6 Increasingly, English Language Learner (ELL) is used to describe this population, because it highlights learning, rather than suggesting that non-native- English -speaking students are ( English as a Foreign Language ) students: non- native- English -speaking students who are learning English in a country where English is not the primary Generation students: graduates of high schools who enter college while still learning English ; may include refugees and permanent residents as well as naturalized and native-born citizens of the 7 English Language Learners A Policy Research Brief sheltered/structured English immersion and then transferred to a mainstream English - Language classroom. Voters in Arizona and Massachusetts have approved similar initiatives, and 25 states have English -only laws which shape ELL educa-tion. However, there is no evidence that statewide English -only initiatives improve the learning outcomes of Myths about ELL StudentsMyth: Many eLLs have disabilities, which is why they are often over-represented in special education.
7 Reality: While it is true that a disproportionate number of ELLs are represented in special edu-cation, placement rates vary with the size of the ELL population in each state and access to ELL programs. Studies find that current assessments that do not differentiate between disabilities and linguistic differences can lead to misdiagnosis of ELLs. Unfortunately, inappropriate placements in special education can limit the growth of ELLs without disabilities. Research suggests that ELLs with disabilities can learn, and early intervention can prevent academic failure. Inclusive environ-ments that provide challenging rather than reme-dial instruction will be most effective. 9 Myth: Children learn a second Language quickly and : A variety of socio-cultural factors can affect Language learning. ELL students might face additional challenges such as acclimating to a new culture and status that interfere with learn-ing English . Given this, instructors should use The James R.
8 Squire Office for Policy ResearchContinued on page 4 Recent Policy HistoryOver the last 40 years, English Language education has been shaped by a variety of legal and legislative decisions. In 1968, the Bilingual Education Act ( Title VII) acknowledged the educational challenges faced by ELLs and allocated funds to support their learn-ing. Title VII was amended and reauthorized a number of times, and in 2002, the English Language Acquisition, Language Enhancement, and Academic Achievement Act ( Title III of NCLB) replaced the Bi-lingual Education Act. NCLB requires that schools report adequate yearly progress (AYP) for four subgroups of students, one of which is ELL students. The NCLB definition gives states considerable flexibility in defining their ELL subgroup, which has led to inconsistency across districts and schools regarding the designation of ELL. Voters have also had a direct impact on English Language educa-tion policy. California s 1998 Proposition 227, for example, requires that all California public schools conduct instruction in English .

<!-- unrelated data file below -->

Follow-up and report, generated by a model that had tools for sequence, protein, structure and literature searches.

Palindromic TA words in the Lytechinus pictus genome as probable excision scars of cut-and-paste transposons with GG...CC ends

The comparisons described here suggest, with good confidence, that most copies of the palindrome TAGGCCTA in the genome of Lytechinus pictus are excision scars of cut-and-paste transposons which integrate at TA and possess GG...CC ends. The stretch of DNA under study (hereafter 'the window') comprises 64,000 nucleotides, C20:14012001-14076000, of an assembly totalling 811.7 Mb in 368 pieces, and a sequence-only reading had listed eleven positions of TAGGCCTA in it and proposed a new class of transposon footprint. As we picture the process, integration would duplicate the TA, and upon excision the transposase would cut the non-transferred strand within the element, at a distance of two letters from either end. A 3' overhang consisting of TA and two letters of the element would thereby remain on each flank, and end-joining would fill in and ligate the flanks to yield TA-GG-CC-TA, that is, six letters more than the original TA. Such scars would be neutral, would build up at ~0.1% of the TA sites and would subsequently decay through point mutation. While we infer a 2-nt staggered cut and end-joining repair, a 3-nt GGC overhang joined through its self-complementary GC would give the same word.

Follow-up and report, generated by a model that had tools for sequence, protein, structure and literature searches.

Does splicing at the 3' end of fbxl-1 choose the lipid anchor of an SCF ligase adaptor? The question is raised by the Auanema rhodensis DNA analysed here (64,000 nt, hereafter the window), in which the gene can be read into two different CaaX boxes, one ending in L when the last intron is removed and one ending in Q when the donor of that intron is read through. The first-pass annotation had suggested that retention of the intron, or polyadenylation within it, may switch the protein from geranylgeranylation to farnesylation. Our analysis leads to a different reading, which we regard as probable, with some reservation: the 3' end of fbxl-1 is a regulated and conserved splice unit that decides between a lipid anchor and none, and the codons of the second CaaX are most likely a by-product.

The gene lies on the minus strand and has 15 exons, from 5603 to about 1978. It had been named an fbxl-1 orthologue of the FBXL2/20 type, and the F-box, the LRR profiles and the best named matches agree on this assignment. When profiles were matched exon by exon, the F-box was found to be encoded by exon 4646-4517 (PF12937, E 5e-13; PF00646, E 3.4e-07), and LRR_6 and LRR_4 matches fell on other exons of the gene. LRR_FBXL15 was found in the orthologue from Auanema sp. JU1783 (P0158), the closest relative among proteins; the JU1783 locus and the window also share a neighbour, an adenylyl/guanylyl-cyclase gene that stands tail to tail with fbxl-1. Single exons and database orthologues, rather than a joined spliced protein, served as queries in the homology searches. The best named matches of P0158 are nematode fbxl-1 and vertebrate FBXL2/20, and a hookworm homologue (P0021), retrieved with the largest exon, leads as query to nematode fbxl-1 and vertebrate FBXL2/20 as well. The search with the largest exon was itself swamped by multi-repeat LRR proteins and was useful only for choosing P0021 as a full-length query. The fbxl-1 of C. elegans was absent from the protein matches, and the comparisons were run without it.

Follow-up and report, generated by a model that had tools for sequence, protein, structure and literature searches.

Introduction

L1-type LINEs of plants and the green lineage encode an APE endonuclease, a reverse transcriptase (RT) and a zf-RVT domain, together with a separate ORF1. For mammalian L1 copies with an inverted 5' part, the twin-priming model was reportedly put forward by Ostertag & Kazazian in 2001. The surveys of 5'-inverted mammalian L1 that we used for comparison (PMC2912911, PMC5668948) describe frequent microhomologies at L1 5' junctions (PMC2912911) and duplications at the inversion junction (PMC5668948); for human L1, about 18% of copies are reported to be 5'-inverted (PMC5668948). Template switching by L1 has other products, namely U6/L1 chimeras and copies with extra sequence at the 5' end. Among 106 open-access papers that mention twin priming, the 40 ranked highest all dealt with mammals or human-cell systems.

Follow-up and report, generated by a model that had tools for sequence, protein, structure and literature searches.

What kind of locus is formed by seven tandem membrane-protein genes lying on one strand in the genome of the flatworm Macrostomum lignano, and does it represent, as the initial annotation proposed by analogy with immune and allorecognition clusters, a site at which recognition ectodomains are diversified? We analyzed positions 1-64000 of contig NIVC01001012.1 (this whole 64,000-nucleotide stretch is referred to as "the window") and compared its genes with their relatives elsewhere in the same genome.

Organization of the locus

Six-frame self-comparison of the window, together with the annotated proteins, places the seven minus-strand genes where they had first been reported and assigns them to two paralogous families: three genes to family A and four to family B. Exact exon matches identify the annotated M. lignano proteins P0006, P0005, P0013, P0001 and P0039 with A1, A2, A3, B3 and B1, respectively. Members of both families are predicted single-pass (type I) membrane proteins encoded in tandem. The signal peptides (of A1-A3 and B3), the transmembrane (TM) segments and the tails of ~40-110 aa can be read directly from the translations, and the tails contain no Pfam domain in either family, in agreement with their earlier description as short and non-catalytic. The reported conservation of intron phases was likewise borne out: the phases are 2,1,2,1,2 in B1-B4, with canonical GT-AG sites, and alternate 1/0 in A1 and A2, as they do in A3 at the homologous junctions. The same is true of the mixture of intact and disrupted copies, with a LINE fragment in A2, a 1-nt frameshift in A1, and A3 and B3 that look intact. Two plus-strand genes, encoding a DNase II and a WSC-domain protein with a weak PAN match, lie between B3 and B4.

9 It also mandates that ELLs be taught overwhelmingly in English through Increasingly, English Language Learner (ELL) is used to describe this population, because it highlights learning, rather than suggesting that non-native- English -speaking students are is no evidence that statewide English -only initiatives improve the learning outcomes of ELLs. English Language Learners A Policy Research BriefMyth: Teaching eLLs means only focusing on : Students need to learn forms and structures of academic lan-guage, they need to understand the relationship between forms and meaning in written Language , and they need opportunities to express complex meanings, even when their English Language proficiency is limited. 15 Research-Based Recommendations for Effective ELL InstructionFor teachers .. Present eLLs with challenging curricular content. Curricula should be organized around big questions, involve authentic reading and writing experiences, and provide textual choices as well as meaningful content for students.
10 16 set high expectations for eLLs. ELLs will perform much better if placed according to academic achievement rather than Language pro-ficiency; placement in challenging classes with quality instruction will enable them to learn more. 17use technology effectively. Greater access to technology and com-puter-assisted learning can be effective in engaging ELLs motivation, developing writing and editing skills, and tapping into the collabora-tive potential of class websites and blogs. 18 Recognize socio-cultural factors. Awareness of students back-grounds, recognition of their prior literacy experiences, and knowledge culturally relevant materials to build on students linguistic and cultural resources, while teaching Language through content and themes. Students should be encouraged to use native Language strategically, and will be motivated by student-centered activities. Because English Language learning is a recursive process, educators should integrate listening, speaking, reading, and writ-ing skills into instruction from the start.